Assuming that Chen’s motion to rescind was timely, [2] the agency did not err in considering Chen’s failure to exercise due diligence in pursuing rescission where, after his discovery of the IJ’s in absentia deportation order, he waited two years and eight months until his wife was pregnant with their second child to file a motion seeking rescission of that order. Chen’s contention that the agency may never consider whether a movant exercised due diligence in pursuing rescission where the movant did not receive notice of a hearing would permit aliens seeking rescission of in absentia
deportation orders to delay filing their motions to rescind indefinitely until they were able to establish eligibility for relief from deportation. Such construction would not serve the agency’s interest in finality, which the U.S. Supreme Court has recognized as important in the immigration context. See Yuen Jin v. Mukasey, 538 F.3d 143, 156 (2d Cir. 2008) (citing Doherty, 502 U.S. at 323, 112 S.Ct. 719 an INS v. Abudu, 485 U.S. 94, 107-08, 108 S.Ct. 904, 99 L.Ed.2d 90 (1988)). Furthermore, we have held that such “gaming of the system in an effort to avoid deportation is not tolerated by the existing regulatory scheme.” Wei Guang Wang v. BIA, 437 F.3d 270, 273-74 (2d Cir. 2006) (noting that “it would be ironic, indeed, if petitioners . . . who have remained in the United States illegally following an order of deportation, were permitted to have a second and third bite at the apple simply because they managed to marry and have children while evading authorities.”); see also Yuen Jin, 538 F.3d at 156 (declining to accept petitioners’ construction of an agency regulation that “would permit aliens to file a new asylum application at any time, virtually without restriction, undermining significantly the finality of immigration proceedings”).

Moreover, in this case, the agency’s construction strikes a balance between its interest in finality and an alien’s interest in presenting claims for relief from deportation, permitting an alien to move to rescind an in absentia
order for lack of notice at any time while allowing the agency to consider whether the alien exercised due diligence in doing so after discovering the in absentia order. Thus, as the agency’s decision in this case is not inconsistent with its regulations and supports its recognized interest in finality without impinging on an alien’s right to a full and fair opportunity to present his claims, we conclude that the agency reasonably considered Chen’s lack of due diligence in pursuing rescission and that the agency’s discretionary denial of his motion to rescind was not in error. See Abudu, 485 U.S. at 105, 107-08, 108 S.Ct. 904.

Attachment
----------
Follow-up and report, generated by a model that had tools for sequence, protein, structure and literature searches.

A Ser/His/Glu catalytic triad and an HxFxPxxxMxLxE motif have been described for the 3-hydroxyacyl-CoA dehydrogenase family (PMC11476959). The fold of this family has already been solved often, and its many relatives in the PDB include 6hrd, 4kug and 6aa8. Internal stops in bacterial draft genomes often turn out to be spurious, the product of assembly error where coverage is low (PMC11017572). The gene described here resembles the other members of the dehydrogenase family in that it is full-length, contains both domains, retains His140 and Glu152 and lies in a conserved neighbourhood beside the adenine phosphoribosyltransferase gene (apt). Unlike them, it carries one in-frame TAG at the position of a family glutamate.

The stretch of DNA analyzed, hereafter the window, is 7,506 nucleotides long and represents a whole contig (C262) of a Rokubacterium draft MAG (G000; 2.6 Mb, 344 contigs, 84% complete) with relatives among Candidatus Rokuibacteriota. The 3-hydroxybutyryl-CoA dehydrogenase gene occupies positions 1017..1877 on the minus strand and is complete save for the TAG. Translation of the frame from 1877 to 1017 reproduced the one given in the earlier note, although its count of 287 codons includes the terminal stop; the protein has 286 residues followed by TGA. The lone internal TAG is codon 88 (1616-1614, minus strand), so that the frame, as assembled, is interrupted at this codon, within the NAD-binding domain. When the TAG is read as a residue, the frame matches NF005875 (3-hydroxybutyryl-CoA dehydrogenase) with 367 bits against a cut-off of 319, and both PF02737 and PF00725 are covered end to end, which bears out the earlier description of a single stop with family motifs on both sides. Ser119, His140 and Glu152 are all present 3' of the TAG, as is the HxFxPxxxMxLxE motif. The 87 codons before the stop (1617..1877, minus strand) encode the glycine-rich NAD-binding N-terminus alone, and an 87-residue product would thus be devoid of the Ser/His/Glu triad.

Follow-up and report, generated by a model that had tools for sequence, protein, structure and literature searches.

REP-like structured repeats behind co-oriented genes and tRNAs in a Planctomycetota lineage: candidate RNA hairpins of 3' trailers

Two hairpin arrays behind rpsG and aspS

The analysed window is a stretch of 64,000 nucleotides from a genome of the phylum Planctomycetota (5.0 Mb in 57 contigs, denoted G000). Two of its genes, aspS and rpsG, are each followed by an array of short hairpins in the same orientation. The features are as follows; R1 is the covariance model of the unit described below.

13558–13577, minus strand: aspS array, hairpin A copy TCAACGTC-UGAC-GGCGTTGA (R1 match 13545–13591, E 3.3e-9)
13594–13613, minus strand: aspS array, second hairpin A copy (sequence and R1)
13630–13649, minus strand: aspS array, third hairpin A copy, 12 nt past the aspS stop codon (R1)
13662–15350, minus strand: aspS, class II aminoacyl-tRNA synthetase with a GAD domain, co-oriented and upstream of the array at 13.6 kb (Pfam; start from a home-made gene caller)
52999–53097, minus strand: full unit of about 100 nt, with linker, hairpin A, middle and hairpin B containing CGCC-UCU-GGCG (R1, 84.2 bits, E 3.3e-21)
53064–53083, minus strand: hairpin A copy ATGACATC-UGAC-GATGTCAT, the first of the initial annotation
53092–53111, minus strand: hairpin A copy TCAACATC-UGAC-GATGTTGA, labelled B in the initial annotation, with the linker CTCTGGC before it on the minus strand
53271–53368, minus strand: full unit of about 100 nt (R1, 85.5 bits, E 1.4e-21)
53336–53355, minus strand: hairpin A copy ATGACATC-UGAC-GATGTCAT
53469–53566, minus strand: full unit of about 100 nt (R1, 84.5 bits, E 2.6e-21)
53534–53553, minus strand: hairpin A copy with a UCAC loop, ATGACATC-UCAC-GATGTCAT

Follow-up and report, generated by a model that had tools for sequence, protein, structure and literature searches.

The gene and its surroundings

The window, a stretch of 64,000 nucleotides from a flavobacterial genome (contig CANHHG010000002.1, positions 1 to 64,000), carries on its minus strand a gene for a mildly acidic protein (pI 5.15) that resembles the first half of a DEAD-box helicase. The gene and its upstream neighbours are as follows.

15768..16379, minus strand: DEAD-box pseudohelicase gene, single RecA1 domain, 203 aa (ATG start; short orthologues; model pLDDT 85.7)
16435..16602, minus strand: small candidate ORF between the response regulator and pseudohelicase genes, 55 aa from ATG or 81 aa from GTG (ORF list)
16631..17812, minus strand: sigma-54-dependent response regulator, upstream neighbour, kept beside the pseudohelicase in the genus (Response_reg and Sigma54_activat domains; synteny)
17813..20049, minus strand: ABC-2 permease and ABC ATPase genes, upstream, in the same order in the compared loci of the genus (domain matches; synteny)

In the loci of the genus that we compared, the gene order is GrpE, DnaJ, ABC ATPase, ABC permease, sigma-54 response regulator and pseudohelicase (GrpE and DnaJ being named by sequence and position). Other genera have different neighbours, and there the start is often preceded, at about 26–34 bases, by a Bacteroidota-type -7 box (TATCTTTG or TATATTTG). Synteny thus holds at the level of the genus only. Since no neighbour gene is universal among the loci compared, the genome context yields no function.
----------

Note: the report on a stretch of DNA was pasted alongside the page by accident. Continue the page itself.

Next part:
B. Motion to Reopen

The agency did not abuse its discretion in denying Chen’s motion to reopen. The agency’s regulations require an alien seeking to reopen proceedings with the IJ to file a motion to reopen no later than 90 days after the date on which the final administrative decision was rendered. See 8 C.F.R. § 1003.23(b)(1). There is no dispute that Chen’s May 2006 motion to reopen was untimely because the IJ’s in absentia deportation order was issued in

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February 2000. Id. Although there is no time limit for filing a motion to reopen if it is “based on changed country conditions arising in the country of nationality or the country to which removal has been ordered,”8 C.F.R. § 1003.23(b)(4)(i), Chen did not submit any country conditions evidence or assert that conditions in China had changed. Moreover, the agency properly found that Chen failed to establish such circumstances based on the birth of his U.S. citizen children. See Li Yong Zheng v. U.S. Dep’t of Justice, 416 F.3d 129, 130-31 (2d Cir. 2005); see also Wei Guang Wang, 437 F.3d at 273-74. Likewise, the agency did not err in determining that Chen failed to demonstrate hi prima facie eligibility for relief from deportation where he did not submit any evidence of country conditions in his province in China. See Abudu, 485 U.S. at 104-05, 108 S.Ct. 904; see also Jian Xing Huang v. INS, 421 F.3d 125, 129 (2d Cir. 2005).

For the foregoing reasons, the petition for review is DENIED. As we have completed our review, any stay of removal that the Court previously granted in this petition is VACATED, and any pending motion for a stay of removal in this petition is DISMISSED as moot. Any pending request for oral argument in this petition is DENIED in accordance with Federal Rule of Appellate Procedure 34(a)(2), and Second Circuit Local Rule 34(b).

[2] We assume, without determining, that Chen’s motion to rescind was timely where the issue of whether Chen received notice of his hearing was not before the BIA on appeal See 8 C.F.R. § 1003.23(b)(4)(iii)(A).